China continues to diversify its raw materials needs away from traditional supplier Australia with news of a big iron ore tie-up in North Africa, something that were it to materialise would be a huge boost for dry bulk tonne-miles.
A consortium composed of Metallurgacal Corporation of China, China International Water and Electric Corporation and Hunan Heyday Solar Corporation has signed up to carry out a feasibility study on the exploitation of Gara Djebilet iron ore in western Algeria. The project could cost in excess of $2bn, according to preliminary estimates.
The move does not come as a big surprise, considering Beijing had been seeking to ensure greater iron ore security for the future, not only by opening itself to a wider range of markets, including Brazil, but also to countries where there is less chance of political disagreement, such as in Africa.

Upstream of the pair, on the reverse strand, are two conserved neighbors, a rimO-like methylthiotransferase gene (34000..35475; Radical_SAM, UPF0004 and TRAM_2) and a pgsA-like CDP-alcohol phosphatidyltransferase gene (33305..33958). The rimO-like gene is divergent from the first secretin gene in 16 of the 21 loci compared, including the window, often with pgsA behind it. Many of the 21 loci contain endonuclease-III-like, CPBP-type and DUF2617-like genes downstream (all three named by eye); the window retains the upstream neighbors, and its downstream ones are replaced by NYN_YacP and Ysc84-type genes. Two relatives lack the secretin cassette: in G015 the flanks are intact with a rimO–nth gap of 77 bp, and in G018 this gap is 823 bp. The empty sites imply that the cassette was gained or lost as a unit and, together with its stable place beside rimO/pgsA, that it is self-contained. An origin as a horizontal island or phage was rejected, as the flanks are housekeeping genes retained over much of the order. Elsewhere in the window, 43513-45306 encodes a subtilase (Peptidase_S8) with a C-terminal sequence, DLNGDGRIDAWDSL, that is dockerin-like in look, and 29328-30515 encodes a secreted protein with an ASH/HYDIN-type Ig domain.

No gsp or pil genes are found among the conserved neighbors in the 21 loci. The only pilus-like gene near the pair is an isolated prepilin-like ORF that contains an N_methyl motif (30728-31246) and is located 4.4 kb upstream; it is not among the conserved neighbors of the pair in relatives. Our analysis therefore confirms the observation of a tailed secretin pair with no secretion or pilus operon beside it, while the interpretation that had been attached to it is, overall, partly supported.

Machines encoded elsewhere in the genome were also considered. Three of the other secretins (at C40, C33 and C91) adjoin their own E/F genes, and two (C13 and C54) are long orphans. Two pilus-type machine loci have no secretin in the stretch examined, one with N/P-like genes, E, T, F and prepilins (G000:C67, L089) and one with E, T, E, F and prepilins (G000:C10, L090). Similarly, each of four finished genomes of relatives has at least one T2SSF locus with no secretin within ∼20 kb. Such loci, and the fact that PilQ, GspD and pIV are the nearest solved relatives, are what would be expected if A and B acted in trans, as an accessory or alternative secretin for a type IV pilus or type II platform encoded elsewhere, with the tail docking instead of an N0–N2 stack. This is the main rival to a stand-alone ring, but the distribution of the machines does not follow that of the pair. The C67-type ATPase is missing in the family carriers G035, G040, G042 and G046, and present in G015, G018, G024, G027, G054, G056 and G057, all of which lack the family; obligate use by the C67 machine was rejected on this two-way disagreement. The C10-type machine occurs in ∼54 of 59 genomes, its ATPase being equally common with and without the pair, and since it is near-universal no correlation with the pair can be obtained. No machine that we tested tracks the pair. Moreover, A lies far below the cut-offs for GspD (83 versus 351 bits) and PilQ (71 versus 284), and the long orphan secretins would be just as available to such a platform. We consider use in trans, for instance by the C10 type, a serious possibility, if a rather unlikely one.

Politically, Australia has not seen eye to eye with its most important iron ore customer for a while. Weakened bilateral ties have also led to restricted imports of Australian coal and barley last year.
As for Algeria, the project in Tindouf Province could help its bid to diversify from oil, following struggles in attracting foreign investors.
“This important strategic project aims to ensure and secure the supply of the national steel and iron mills with raw materials, and to export large quantities, but also, thanks to its structural nature, aims to develop the entire southwest of Algeria and contribute significantly and decisively to the development of the mining sector,” said the Algerian ministry of energy and mines.
The Gara Djebilet mine is one of the largest iron ore reserves in Algeria, and in the world, with estimated reserves of 1.7bn tonnes of ore grading 30% iron metal.